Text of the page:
I just finished the first day of a training on Network Effectiveness for Packard Grantees facilitated by the good folks at Monitor Institute. I wanted to capture some reflections around my burning question:
How do you think about using social media effectively along the continuum of open/closed networks?
Most of my recent explorations have been focused around the effective use of social media for external communications. But many networks need a private place or password protected place to have conversations online. This need isn't about being 'scared of social media" but rather a need for a safe place online to have conversations around very sensitive topics to build trust and relationships.
Today, I had an opportunity to present and discuss "8 Principles for Effectively Using Social Media for External Communications." But the question still remains - where do you discuss issues or share learnings related to your Network's work that might be sensitive. Where and how do you think about privacy and security in this context?
Before we dive into that, let's talk about ant trails. Eugene Eric Kim used this metaphor to describe how social media presence (in open networks) is like an trail. Ants do two things: leave and follow trails and haul things. They basically leave a trail that says "I was here." That way others can find them and connect. He applied the metaphor to Twitter. Twitter is simply an ant trail. We can leave a pulse, it is simple and easy. It keeps the connections going.
Eugene said not to focus on the content. Leave a trail and emergence to happen.
In fact, Eugene was watching the ant trails from the training session - we used the hashtag #packfound.
What do ants do when fall comes? I'm not sure. But when autumn comes to the East Coast - there is a chill in the air in the evening. There's a slight breeze that causes the leaves on the trees to make a distinctive rustling sound. It makes me think of poet Robert Frost and the opening lines of his Mending Wall poem comes to mind:
Something there is that doesn't love a wall,
That sends the frozen-ground-swell under it,
And spills the upper boulders in the sun;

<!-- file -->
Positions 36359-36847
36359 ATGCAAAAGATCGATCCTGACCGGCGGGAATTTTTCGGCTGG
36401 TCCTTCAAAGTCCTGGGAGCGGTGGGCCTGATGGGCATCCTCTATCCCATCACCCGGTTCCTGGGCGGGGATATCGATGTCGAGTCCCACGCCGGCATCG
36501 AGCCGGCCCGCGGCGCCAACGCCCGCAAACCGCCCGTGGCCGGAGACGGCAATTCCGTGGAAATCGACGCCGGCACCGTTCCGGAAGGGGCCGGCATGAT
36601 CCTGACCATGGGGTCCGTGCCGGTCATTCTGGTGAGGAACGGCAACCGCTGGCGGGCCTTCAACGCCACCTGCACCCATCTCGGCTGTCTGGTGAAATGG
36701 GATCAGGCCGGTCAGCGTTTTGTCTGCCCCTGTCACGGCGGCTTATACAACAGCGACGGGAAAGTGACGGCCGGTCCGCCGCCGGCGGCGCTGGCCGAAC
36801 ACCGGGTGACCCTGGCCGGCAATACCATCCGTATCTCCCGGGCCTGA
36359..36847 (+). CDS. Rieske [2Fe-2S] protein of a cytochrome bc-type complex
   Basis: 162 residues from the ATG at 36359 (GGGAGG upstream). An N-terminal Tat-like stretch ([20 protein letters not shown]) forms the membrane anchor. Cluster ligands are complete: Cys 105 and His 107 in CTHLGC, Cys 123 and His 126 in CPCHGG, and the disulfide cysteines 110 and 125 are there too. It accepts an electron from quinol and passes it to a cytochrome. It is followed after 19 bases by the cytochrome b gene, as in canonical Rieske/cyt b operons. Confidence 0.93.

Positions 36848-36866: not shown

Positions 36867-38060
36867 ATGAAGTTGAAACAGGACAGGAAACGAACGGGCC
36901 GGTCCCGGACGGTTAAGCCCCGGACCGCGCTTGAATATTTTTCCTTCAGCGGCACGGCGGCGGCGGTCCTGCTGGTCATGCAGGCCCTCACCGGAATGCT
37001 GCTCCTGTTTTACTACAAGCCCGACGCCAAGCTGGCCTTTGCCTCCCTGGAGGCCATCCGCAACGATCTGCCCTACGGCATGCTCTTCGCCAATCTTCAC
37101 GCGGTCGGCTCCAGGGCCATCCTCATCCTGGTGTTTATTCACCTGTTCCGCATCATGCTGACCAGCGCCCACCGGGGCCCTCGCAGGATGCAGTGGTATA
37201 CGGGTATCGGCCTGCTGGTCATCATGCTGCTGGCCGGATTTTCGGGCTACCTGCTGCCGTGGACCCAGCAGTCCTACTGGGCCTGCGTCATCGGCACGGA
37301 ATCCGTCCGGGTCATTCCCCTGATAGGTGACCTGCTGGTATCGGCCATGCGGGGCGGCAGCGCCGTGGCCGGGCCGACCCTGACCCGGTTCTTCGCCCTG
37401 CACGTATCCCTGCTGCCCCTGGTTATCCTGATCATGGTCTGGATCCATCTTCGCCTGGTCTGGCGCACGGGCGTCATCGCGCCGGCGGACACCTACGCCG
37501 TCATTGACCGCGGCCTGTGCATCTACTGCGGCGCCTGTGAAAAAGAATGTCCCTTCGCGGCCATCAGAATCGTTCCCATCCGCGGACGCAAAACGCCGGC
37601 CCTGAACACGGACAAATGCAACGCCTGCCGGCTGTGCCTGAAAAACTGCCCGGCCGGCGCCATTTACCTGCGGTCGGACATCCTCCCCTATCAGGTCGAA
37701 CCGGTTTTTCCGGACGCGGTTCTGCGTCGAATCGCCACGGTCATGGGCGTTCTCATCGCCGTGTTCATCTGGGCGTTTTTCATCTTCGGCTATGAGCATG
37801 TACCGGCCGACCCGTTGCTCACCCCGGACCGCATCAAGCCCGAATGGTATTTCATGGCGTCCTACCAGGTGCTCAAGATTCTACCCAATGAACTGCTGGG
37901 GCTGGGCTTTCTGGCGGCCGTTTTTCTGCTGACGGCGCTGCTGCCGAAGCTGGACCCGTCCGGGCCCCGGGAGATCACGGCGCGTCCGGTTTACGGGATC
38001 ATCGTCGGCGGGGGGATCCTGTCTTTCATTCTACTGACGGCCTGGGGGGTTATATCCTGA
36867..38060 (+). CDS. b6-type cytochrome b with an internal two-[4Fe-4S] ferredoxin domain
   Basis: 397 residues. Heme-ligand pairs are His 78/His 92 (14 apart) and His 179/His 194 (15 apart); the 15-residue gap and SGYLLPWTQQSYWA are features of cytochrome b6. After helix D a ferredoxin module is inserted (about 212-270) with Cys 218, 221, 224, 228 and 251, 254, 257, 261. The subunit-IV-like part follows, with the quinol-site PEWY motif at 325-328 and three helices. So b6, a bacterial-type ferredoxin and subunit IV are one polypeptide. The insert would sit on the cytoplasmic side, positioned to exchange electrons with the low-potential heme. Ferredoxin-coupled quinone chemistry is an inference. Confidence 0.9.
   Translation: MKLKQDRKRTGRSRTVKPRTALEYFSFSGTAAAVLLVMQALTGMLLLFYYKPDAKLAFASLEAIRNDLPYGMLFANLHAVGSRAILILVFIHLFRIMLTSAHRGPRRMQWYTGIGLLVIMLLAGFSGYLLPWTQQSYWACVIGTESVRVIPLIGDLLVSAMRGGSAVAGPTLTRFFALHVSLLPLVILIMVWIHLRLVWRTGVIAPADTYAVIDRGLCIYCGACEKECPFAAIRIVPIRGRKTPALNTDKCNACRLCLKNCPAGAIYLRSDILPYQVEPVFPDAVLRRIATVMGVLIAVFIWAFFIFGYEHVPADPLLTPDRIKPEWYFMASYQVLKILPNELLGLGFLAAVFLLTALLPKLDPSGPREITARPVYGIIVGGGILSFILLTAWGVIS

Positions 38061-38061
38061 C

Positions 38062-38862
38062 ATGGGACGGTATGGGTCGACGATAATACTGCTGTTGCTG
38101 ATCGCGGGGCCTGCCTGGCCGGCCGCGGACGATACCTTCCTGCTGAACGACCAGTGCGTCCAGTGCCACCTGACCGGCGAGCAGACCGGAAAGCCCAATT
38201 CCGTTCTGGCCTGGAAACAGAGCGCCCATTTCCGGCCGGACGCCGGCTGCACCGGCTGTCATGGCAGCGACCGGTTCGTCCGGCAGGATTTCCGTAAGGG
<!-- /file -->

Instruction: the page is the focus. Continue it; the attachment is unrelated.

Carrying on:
And makes gaps even two can pass abreast.
What I'm talking about is the place where networks need to have conversations online - that are a sensitive in nature and access must be controlled because of physical safety. We've been calling this space where bounded networks share sensitive learning online. It's usually behind a pass-protected, secure area. There's good reasons for that.
How do you reconcile this in an age of transparency and open networks? It's clear where openness belongs in the context of an external communications strategy that embraces social media. And, it is also clear where the fence or password protection belongs when the conversations needs to be internal. But, where to put that fence when the boundary is unclear?
The benefits to being open, "naked as angels" as Esther Dyson might say. Innovation, creativity, momentum. But how do you think about where to draw that line? And, when does that line move or creep?
For this training, each participant was given a copy of the book Digital Habitats written by John Smith, Nancy White, and Etienne Wenger. During an 'open space" discussion on online tools for bounded networks, we used some of the frameworks to discuss this issue. We focused on how you manage security and privacy when that is essential to the conversation. Some quick learnings:
- There is a distinction between privacy and security. Security is mostly technical issue, privacy is human behavior. (I'm hoping Peter Campbell or Michele Murrain might write a blog post explaining security protocols for non-techies)
- User or community guidelines are important. Guidelines should be articulated to participants in community guidelines. (Information shared behind this password protected area should not be shared with the mainstream media.)
- If community guidelines are formally articulated, they need to be enforced.
- Modeling community norms can be incredibly valuable. (See Eugene Eric Kim's thoughts here and here)
- If there are toxic people behind the fence, there's an art to removing them.
It still leaves me with a question that Robert Frost raised in the Mending Wall about the placement of fences that could be applied to the placement of password protected areas online:
He only says, 'Good fences make good neighbors.'
Spring is the mischief in me, and I wonder
Why do they make good neighbors? Isn't it
Where there are cows? But here there are no cows.
Before I built a wall I'd ask to know
What I was walling in or walling out,
And to whom I was like to give offense.
Something there is that doesn't love a wall,
That wants it down.' I could say 'Elves' to him
I have no answers to this question, but I do have an extra copy of Digital Habitats to give away. Leave a comment!